Bishop also told BusinessDesk last week that under the new Government, New Zealand is ready to attract businesses wanting to build and run profitable infrastructure: “We want to send the message that NZ is open to business, we want more capital here, we want more investment, we want more players from a contracting and delivery point of view here in NZ… NZ has a significant infrastructure deficit. Estimates vary, but let’s call it $100 billion or so. That’s about 80 Transmission Gully motorways” – see Oliver Lewis’ Steven Joyce to chair group looking at new infrastructure agency (paywalled)

Joyce’s potential conflicts of interest

Much of the criticism of Joyce’s political appointment last week relates to the fact that he is a friend and former colleague of many key National Party players past and present – hence allegations of cronyism. There is also likely to be some amazement and outrage about his $4000/day fee. For more on this, see the 1News report by Benedict Collins: Government denies it’s delivering ‘jobs for the boys’

Criticisms and questions about these facts are fair. However, there’s nothing inherently wrong with governments appointing people from their own political parties to serve on boards and positions that will help them get their agenda progressed. All governments do this to some degree or another. It needs scrutiny, but isn’t intrinsically wrong to appoint former ministers or people from the same party.

However, the issue of potential conflicts of interest is a different matter. As with former National leader Simon Bridges being appointed as the chair of the New Zealand Transport Agency – see my earlier column, Is Simon Bridges’ NZTA appointment a conflict of interest? – the integrity question is about whether the appointees have commercial links that could relate to their new roles. In the case of Bridges, he had been the chair of three different transport-related lobby groups and was now going to chair the government’s transport authority.

So, what has Steven Joyce been doing since he left Parliament in 2019 that might relate to infrastructure? In his podcast interview with BusinessDesk’s Patrick Smellie, Joyce pronounced: “I have a sort of portfolio interests. I have a few board positions – you mentioned the Icehouse and Icehouse Ventures – I’m on the board of Winton Land which is a property developer. I’m an advisor to a couple of boards including RCP which is the project management crowd. I have advisory clients in the tech space and in financial services and education. So yeah it’s a many and varied piece, and I’m now thinking that I’ve forgotten some”.

In order to ensure public trust that Joyce doesn’t have conflicts of interest in his new role, he will need to specify exactly who all these clients of the Joyce Advisory lobbying group are. This will need to include past clients, too – conflicts of interest don’t disappear simply because a person is no longer in the employ of a certain client, as the residual nature of those linkages can be considerable.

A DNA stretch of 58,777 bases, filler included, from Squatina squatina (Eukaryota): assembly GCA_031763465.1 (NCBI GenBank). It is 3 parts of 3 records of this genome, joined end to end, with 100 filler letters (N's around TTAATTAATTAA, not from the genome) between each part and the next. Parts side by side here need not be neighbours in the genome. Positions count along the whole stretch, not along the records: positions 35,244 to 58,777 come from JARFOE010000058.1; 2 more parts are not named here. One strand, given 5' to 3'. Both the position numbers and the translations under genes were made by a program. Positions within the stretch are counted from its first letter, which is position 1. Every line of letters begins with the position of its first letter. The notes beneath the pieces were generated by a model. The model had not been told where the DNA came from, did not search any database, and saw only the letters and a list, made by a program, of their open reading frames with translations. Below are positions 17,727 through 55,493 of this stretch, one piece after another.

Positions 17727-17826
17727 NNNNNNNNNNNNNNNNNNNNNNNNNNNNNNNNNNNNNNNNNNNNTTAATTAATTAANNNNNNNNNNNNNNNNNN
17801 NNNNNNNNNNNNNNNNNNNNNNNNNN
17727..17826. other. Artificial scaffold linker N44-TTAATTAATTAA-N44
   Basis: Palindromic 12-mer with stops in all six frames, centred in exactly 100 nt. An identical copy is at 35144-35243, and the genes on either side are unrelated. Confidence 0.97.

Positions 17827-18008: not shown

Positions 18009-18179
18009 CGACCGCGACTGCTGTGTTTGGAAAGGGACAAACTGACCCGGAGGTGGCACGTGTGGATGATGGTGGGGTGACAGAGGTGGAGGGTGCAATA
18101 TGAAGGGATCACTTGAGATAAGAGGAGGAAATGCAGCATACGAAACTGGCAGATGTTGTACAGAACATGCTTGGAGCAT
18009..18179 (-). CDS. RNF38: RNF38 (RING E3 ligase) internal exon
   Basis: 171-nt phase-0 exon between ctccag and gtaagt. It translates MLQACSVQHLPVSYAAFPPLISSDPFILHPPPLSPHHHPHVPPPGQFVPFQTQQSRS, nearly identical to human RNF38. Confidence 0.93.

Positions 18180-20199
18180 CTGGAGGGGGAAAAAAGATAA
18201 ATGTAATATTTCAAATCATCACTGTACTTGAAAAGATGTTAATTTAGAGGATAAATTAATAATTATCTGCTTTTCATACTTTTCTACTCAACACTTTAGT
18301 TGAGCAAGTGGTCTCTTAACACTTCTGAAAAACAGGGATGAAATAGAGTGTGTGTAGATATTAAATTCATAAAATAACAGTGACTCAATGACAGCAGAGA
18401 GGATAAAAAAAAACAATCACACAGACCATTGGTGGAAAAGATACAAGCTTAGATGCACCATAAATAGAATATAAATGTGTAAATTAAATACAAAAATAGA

Nonetheless, the fact that Joyce is an advisor to the Board of RCP, which works in the infrastructure industry, and is a director of Winton land, means he is working for companies that will be directly impacted by how Joyce sets up the new National Infrastructure Agency. This is especially the case for property developers – as infrastructure is a key enabler of profitable housing development.

This is all a multi-billion-dollar issue of consequence. Treasury’s estimated $210bn of infrastructure deficit is going to mean that whatever Joyce designs is going to be in charge of handing out some huge contracts involving large amounts of taxpayer money. There will be many winners and losers as a result of where the money goes, and how it is monitored and controlled. The private sector in terms of the construction and property development industry has plenty to gain from what Joyce recommends. Hence, the fact that he has been – and seemingly continues to be – directly involved with such private sector companies could be seen to create the potential for bias and favouritism.

Joyce has already developed a reputation from his time in government for pragmatic deal-making, and a derision for constitutional niceties. For this reason, he’s often been accused of cronyism, or worse – of “Muldoonism”. And certainly, one of his biggest accomplishments was the Key Government’s deal with SkyCity Casinos in which they agreed to build an International Convention Centre for free in return for being allowed more pokies machines – an infrastructure contract that the Auditor General was scathing about. We should expect more such creative state-business infrastructure deals, but perhaps on a much larger scale.

It won’t be surprising therefore that in running a lobbying firm, and working with all sorts of financial, tech and property development companies, Joyce’s new state position as some sort of Infrastructure Tsar could be viewed as a conflict of interest.

As with his defence of National’s use of an Eminem-sounding song in an election campaign, Joyce might be inclined to say that his new conflicts of interest are “pretty legal”, but that doesn’t mean, fairly or unfairly, that some won’t accuse it of all being “pretty corrupt”.